Far from the Hollywood glitz of Kabbalah‘s celebrity acolytes, ordinary people are flocking to Israel’s capital of ancient Jewish mysticism this summer on a quest for spiritual meaning.
The Ascent Centre organises popular seminars to study Kabbalah, as championed by media messiah Madonna, increasingly attracting Jews and non-Jews looking for spirituality and disenchanted with the vagaries of modern life.
“Madonna happened to be a vehicle of God,” says Rabbi Mordechai Siev, who directs the English-language programme at the centre in Safed, extolling the magnetism of the Jewish Sabbath in the slightly down-market Israeli town.
“A guy in LA told me ‘my feet are here but my head is in Safed.’ Friday here, is the real Friday night fever.
“The centre is open to Jewish and non Jewish people from all over the world and they come to check out mystical experiences,” he says, adding that plunging into religious texts allows Kabbalah enthusiasts to “connect to themselves.”
For the bargain-basement price of 280 shekels (66 dollars, 48 euros), students get a discount, interested parties are treated to a four-day course with full board and lodging in the ancient centre of Jewish learning in the Galilee.
Sheree Sharan, 31, has been interested in Kabbalah for two years and came from Chicago for a four-day seminar to “get some energy” and search for the hidden meaning that she believes is lost in the materialism of the West.
“I was looking for Jewish mysticism and Safed is the headquarters for Kabbalah,” says the skinny, blonde single woman.
“Kabbalah teaches you about the power you have inside, how to control your inner instinct, how to make sense of emotions. Our generation seems to be searching for meaning, for goals and answers.
“There’s a lot in Kabbalah that speaks to people from different backgrounds. Now technology, materialism. People have lost touch with their basic needs and desires,” she adds, in the over-powering heat of high summer.
An esoteric offshoot of Judaism, Kabbalah’s origins can be traced back to the 12th and 13th centuries when its central text, the Zohar, was penned.
By tradition, Kabbalah was taught only to a select few — namely, pious Jewish males over the age of 40 who had spent a lifetime immersed in the study of Hebrew texts. Its followers believed that understanding and mastering the Kabbalistic teachings would bring one closer to God and allow greater insight into God’s creation.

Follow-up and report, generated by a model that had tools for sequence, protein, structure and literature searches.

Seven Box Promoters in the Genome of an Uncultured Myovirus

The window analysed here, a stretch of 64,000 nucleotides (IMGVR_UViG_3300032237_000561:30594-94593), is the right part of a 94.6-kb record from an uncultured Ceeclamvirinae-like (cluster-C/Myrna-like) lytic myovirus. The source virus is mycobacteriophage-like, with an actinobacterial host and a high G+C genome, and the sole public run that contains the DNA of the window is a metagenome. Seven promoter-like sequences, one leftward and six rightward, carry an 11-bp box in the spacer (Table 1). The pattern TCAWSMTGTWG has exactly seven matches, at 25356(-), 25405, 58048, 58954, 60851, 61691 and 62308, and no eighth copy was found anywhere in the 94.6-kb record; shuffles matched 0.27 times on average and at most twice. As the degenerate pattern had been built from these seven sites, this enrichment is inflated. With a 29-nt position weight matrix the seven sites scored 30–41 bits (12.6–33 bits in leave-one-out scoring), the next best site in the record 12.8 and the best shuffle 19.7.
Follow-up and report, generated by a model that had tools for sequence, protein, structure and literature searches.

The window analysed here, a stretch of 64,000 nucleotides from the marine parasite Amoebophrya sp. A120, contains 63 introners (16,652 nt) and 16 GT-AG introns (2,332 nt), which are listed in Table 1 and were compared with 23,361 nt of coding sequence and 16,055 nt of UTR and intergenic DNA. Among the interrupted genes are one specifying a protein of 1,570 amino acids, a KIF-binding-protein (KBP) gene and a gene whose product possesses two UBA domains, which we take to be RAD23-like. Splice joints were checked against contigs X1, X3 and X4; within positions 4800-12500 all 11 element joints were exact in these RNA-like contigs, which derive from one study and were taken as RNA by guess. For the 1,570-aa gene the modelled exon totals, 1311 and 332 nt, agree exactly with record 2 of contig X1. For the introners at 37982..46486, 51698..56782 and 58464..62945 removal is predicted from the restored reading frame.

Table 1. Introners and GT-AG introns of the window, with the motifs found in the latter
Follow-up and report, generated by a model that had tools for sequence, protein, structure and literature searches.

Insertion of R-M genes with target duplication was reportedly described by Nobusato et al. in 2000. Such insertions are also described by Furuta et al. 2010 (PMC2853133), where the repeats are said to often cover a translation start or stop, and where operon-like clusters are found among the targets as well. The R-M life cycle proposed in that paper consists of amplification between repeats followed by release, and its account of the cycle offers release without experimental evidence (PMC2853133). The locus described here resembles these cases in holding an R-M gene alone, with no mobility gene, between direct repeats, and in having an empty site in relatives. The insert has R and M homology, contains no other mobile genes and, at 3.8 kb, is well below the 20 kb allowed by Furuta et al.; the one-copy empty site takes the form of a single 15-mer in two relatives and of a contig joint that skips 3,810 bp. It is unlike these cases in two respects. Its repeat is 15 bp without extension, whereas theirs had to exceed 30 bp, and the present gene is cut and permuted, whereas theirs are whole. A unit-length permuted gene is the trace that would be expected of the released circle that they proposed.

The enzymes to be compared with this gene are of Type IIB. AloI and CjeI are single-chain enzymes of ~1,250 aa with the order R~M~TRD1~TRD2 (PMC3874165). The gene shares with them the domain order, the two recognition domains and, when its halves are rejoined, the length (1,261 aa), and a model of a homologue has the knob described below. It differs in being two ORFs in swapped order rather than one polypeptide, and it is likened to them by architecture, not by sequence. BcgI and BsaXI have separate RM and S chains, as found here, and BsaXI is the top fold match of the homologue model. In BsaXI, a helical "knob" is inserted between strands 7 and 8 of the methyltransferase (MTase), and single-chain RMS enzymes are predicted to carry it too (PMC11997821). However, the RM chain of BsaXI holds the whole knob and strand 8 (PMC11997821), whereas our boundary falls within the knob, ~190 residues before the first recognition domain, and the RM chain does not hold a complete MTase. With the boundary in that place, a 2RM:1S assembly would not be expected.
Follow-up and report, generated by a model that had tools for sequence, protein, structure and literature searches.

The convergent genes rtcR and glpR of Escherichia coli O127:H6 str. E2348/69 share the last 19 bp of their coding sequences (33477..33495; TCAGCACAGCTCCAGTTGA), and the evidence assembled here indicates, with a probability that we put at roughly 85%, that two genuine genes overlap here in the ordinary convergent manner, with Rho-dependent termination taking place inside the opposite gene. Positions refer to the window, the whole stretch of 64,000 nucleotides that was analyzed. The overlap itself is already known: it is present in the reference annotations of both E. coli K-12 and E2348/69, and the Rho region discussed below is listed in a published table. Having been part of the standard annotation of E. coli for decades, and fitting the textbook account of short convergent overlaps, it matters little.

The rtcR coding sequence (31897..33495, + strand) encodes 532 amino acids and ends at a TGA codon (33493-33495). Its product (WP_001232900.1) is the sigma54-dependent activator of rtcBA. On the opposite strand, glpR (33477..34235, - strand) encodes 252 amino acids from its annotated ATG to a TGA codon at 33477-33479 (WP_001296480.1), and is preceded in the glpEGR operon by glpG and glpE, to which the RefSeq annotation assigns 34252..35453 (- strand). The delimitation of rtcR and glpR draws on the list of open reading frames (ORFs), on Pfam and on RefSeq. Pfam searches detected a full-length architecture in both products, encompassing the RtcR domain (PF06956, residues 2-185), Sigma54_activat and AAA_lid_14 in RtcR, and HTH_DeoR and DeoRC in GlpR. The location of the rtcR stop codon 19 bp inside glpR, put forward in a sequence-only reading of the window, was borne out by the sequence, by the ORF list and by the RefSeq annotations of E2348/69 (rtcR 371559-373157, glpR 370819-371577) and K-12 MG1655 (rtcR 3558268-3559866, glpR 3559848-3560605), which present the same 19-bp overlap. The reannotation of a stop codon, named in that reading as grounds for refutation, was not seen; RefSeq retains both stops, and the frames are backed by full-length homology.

Its study required arduous meditation and a strictly ascetic lifestyle.
But fuelled by interest from celebrities like Madonna, Demi Moore and Britney Spears, it has become more and more popular with people like Sharan.
“It offers a lot of practical applications to daily life,” she says as she eats lunch with fellow Kabbalah enthusiasts in between classes. “It’s a formula to explain things in very logical terms.”
Twenty-four-year-old Devori Sacks came from New York City to “center myself,” charging that Kabbalah goes far beyond the razzmatazz that Madonna initially brought to the tradition.
“I wanted to focus on myself, to forget the material aspects of life,” she says. Kabbalah “explains your behaviour, it improves your life.”
“It was a catchphrase when Madonna started Kabbalah. People are becoming more attracted to it because there is a deep ancient answer to all the aspects of human beings,” she says.
Shlomo Schwartz, who teaches Kabbalah in Los Angeles, has watched with pleasure the popularity of mysticism, which he has studied for the past 30 years, take off recently.
“Kabbalah has become popular. Thank God for Madonna, she is responsible for putting Kabbalah on the front pages. The rabbis are not as popular as Madonna, they are not on MTV,” he says, grinning.
Indeed a visit by Madonna to the Holy Land in September 2004 sparked a media frenzy and put a spotlight on the centuries-old tradition.
But away from the media glare, Schwartz says, the appetite for the Kabbalah is nourished by the weakening of moral values in a globalised world.
“Take marriage — people are divorcing everywhere,” he says, stroking his long white beard. “People are desperately seeking for meaning in life.”
And while welcoming the newly-found publicity for Kabbalah, some of its followers warn against disingenuous imitations.
Some centres, Schwartz says, “are more of sects. They don’t teach the Kabbalah, but how to use it to succeed in life. I call it the ‘flufflology’.”